One of the major concerns of the United Nations has been to promote and encourage "respect for human rights and for fundamental freedoms". Consequently, we are going to focus on the reasons that explain the particular importance of this right, mainly attending to its evolution until we get the most popular views of the actual concept (different points of views will be contrasted throughout the essay) and we will reference specific cases to see how the International Court deals with the claims of this principle.
The right to self determination was the subject of the first article of the United Nations Covenants on Human Rights in 1966, in a period of time when the international peace and security were at risk, and the hallmark of regimes were challenging after the Second World War experience.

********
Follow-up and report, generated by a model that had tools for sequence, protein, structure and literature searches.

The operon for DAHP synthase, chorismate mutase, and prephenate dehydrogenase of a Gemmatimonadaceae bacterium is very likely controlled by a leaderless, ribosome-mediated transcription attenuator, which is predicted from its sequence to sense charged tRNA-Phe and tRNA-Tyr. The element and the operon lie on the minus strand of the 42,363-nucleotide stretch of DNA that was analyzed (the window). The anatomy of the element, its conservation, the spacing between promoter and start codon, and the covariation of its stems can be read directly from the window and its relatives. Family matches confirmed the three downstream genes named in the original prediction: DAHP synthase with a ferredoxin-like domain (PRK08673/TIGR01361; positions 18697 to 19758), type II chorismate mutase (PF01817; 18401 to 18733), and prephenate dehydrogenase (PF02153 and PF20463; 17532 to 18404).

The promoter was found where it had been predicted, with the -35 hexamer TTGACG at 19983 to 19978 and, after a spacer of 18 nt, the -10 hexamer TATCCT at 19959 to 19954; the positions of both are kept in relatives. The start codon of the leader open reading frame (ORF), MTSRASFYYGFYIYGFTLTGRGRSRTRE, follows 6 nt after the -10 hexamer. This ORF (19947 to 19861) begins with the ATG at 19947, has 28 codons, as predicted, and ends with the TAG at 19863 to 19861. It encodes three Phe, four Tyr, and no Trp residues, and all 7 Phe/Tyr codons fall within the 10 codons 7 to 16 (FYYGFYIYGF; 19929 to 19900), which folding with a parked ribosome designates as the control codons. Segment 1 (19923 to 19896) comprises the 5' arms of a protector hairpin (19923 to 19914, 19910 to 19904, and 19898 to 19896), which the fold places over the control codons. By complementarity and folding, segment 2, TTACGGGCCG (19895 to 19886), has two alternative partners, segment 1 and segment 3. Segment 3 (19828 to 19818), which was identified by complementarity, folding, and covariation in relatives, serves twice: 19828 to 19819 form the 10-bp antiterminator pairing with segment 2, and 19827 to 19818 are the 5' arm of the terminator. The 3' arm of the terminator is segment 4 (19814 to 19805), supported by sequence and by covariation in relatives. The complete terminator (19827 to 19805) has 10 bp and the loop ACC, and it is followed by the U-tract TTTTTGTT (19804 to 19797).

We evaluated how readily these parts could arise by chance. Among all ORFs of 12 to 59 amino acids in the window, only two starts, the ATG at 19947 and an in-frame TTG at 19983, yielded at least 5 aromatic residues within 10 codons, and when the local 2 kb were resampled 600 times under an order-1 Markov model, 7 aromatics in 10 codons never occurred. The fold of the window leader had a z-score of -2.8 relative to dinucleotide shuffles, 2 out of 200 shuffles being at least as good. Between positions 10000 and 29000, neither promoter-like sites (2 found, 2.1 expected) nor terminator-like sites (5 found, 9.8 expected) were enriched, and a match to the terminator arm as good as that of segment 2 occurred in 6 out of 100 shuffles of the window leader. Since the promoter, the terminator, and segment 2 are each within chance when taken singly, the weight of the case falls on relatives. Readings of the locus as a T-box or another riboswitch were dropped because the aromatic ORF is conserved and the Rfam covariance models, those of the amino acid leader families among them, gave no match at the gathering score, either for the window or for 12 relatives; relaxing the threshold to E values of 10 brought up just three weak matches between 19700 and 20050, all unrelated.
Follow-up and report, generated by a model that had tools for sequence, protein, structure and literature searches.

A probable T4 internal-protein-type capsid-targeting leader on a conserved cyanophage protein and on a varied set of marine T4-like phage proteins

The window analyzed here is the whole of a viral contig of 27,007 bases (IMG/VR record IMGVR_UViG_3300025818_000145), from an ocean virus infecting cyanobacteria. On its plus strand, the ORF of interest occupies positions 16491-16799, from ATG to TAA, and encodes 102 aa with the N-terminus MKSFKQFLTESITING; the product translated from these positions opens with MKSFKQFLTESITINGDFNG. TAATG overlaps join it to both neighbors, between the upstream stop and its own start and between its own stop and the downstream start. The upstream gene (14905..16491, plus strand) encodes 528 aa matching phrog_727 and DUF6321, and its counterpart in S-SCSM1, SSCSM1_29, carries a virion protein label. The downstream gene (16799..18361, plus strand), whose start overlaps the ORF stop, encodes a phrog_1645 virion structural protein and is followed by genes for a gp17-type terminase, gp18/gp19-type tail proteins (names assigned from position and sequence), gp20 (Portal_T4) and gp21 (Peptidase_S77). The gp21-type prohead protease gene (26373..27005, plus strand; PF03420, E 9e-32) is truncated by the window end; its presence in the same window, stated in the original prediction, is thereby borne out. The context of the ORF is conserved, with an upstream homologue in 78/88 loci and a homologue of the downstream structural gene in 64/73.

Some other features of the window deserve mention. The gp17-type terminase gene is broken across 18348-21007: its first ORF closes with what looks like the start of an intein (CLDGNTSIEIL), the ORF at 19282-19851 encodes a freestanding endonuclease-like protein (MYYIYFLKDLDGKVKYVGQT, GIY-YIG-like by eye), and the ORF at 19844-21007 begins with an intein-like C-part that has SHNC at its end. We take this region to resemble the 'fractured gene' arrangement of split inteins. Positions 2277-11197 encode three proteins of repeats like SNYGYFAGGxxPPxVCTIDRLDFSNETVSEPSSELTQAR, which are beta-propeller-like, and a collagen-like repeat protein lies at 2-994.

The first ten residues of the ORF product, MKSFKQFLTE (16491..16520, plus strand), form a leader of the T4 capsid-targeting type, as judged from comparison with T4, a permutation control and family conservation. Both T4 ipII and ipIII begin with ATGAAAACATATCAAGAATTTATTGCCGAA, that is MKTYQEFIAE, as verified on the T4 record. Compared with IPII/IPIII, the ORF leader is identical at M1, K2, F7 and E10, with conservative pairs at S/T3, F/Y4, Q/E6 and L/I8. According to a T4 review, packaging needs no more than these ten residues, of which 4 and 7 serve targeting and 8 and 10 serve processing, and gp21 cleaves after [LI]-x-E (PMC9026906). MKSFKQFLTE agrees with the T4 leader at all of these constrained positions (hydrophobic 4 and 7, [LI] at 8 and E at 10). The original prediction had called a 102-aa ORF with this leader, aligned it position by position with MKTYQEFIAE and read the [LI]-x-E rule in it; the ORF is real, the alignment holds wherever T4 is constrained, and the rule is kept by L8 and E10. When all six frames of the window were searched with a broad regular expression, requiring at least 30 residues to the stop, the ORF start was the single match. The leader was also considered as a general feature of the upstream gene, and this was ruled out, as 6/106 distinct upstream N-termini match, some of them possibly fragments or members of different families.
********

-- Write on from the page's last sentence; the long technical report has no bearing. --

This principle found its way first into the Atlantic Charter and then into the United Nations Charter, but article one of this charter is not the only one which refers to this right, article 55 of the charter also refers to respect for the principle of equal rights and self determination of peoples in a similar context.
The principle has subsequently evolved in international law into the notion of a right. The right to self determination appears in both the International Covenant on Civil and Political Rights and the International Covenant on Economic, Social and Cultural Rights. We can also find it in the Helsinki Final Act; and it appears as a right in the norms developed by regional organizations, such as the Organization for Security and Cooperation in Europe.
The right of self determination is of particular importance because its realization is an essential condition for the effective guarantee and observance of individual human rights, and for the promotion and strengthening of...